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Five easy mistakes you're making which exposes you to hackers

The Norfolk Suffolk Cyber Security Cluster talk us through the common mistakes people make to expose themselves to cyber hacking.

The Norfolk Suffolk Cyber Security Cluster talk us through the common mistakes people make to expose themselves to cyber hacking.

PA Archive/PA Images

Many people wouldn't think twice before opening an attachment on their work laptop, while sat using a cafe's wifi.

Darren Chapman, founder of cyber security consultancy company Cyber Scale and the NSCSC. Picture : ANTONY KELLYDarren Chapman, founder of cyber security consultancy company Cyber Scale and the NSCSC. Picture : ANTONY KELLY

But simply by doing so, employees could be opening a back door to hackers who could corrupt their business.

ELEANOR PRINGLE sat down with Darren Chapman and David Higgins, founders of the recently established Norfolk Suffolk Cyber Security Cluster, to learn more about what you can do to keep your data safe.

1. Hacking the human

Internet Security specialist David Higgins of 4ITSec and NSCSC.   Photo by Mark BullimoreInternet Security specialist David Higgins of 4ITSec and NSCSC. Photo by Mark Bullimore

"Staff are one of your business's biggest assets; sadly they are also one of the weakest links within a business security perimeter," Mr Higgins said. "Social engineering is a skill that was mastered by the old fashioned con men years ago and has now been re-invented and refined in the forms of phishing and impersonation."

Such examples might be attackers posing as the user themselves and requesting password resets, or someone posing as a technical support administrator who needs user information to fix a problem.

The solution is simply to be vigilant and train staff to recognise and flag unauthorised requests for details.

2. Password problems

"For years people have managed to access data by using a user ID and password combinations," Mr Higgins, who runs north Norfolk's 4ITSec, said.

Because of their simplicity passwords are simple to expose and hack. This can lead to hackers purchasing harvested ID and password combinations from the dark web.

"Problems arise when people use similar and simple passwords across many accounts," his colleague, Darren Chapman said.

"The solution is to use another additional level of security alongside the usual user id and password - often known as 'two factor authentication'," he said.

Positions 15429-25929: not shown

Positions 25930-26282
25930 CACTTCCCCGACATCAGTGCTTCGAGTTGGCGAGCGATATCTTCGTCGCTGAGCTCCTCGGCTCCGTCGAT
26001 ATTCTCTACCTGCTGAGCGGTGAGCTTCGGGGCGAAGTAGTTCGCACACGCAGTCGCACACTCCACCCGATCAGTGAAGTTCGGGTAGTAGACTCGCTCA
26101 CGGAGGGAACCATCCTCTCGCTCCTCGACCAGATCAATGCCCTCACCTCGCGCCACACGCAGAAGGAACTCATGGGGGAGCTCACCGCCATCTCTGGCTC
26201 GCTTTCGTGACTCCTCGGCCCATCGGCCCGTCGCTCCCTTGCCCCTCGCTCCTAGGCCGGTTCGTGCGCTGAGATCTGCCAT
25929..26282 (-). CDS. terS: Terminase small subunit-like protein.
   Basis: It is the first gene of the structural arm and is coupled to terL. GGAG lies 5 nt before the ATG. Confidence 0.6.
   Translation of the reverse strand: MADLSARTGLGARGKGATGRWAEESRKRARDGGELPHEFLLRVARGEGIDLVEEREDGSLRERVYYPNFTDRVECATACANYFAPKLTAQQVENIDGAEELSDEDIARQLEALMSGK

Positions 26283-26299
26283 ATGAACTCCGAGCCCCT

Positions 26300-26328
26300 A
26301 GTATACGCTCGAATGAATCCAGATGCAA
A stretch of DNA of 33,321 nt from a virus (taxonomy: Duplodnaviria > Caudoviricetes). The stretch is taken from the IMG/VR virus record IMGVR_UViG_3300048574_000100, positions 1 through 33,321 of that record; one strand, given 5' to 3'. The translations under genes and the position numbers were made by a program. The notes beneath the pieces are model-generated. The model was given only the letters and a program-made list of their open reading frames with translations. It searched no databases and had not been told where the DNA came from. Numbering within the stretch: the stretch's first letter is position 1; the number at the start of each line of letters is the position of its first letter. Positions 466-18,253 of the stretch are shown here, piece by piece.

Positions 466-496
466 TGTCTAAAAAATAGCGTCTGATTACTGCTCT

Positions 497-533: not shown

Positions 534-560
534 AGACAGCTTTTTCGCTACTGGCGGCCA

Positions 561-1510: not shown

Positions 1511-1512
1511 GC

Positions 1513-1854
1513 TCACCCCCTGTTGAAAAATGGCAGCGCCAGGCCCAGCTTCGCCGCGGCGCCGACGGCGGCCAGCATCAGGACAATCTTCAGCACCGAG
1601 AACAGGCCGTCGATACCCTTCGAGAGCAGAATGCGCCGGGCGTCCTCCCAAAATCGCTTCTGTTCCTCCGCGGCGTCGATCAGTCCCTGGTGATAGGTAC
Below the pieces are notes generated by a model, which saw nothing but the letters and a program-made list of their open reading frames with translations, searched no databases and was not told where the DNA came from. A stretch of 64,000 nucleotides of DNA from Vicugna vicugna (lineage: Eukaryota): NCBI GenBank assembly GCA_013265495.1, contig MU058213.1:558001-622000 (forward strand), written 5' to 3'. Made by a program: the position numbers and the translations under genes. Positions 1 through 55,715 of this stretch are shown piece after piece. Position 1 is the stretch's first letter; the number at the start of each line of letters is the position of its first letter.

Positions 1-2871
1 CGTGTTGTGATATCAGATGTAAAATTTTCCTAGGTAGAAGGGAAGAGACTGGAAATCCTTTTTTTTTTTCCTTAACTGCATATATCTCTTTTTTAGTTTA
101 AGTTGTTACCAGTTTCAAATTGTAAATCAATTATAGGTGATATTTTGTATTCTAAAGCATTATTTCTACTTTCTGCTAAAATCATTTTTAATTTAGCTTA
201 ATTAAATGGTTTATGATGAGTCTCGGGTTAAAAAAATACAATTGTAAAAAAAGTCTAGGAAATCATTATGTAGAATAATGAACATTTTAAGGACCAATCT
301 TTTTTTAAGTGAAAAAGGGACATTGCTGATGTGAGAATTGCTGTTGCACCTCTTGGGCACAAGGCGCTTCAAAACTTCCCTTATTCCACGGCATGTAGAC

These are freely available on Google, PayPal, Amazon, and most other common applications.

Mr Chapman, of Cyberscale, added: "Have a look at Authy.com - this will help set you this up on common websites. Alternatively buy and use a 2FA app which will send an additional code to your mobile which you use alongside the user id and password."

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3. Encryption

"Encryption is not just for 'top secret' files," Mr Higgins said. "You should consider what is on the device if you lost it. All the data on those devices is in clear text and can be accessed once the device has been hacked or connected to."

He said: "Consider an encryption product that will scramble the data and demand a special key before allowing the device to boot up."

Such packages are available for about £15 online.

"Do not use encryption that comes free with the operating system or are downloadable from the web - they are free for a reason," Mr Higgins added. "Apple devices have encryption built into their operating system and is good - switch it on."

4. Public Wi-Fi

"When using public, free, or insecure Wi-Fi services, you must understand that everything you type is in clear text and can be read, accessed, recorded or taken over by anyone with the correct equipment," Mr Champan said.

The solution is to always use a Virtual Private Network (VPN) which will scramble the communications.

If VPN isn't provided by a business firewall then applications can be purchased for about £3 a month and will scramble all communications through insecure connections.

"Once a VPN is being used, there's no way the ISP or anyone else can read or record what you're browsing," he said.

5. PDFs attached to emails

This is called steganography - derived from the Greek language meaning 'covered writing', where a data file or malicious code can be hidden within another file.

Mr Higgins said: "A PDF file is often thought to be safe but could contain malicious code which will drop onto your device once it's been opened in a similar manner to clicking on a malicious link on a website.

"They are difficult to catch and check, so ensure that whatever PDF reader you use, your anti-virus or end point protection are up to date and that your email servers are running current and updated filters."

Software is also available that can test the PDF file before allowing it through to the intended user.

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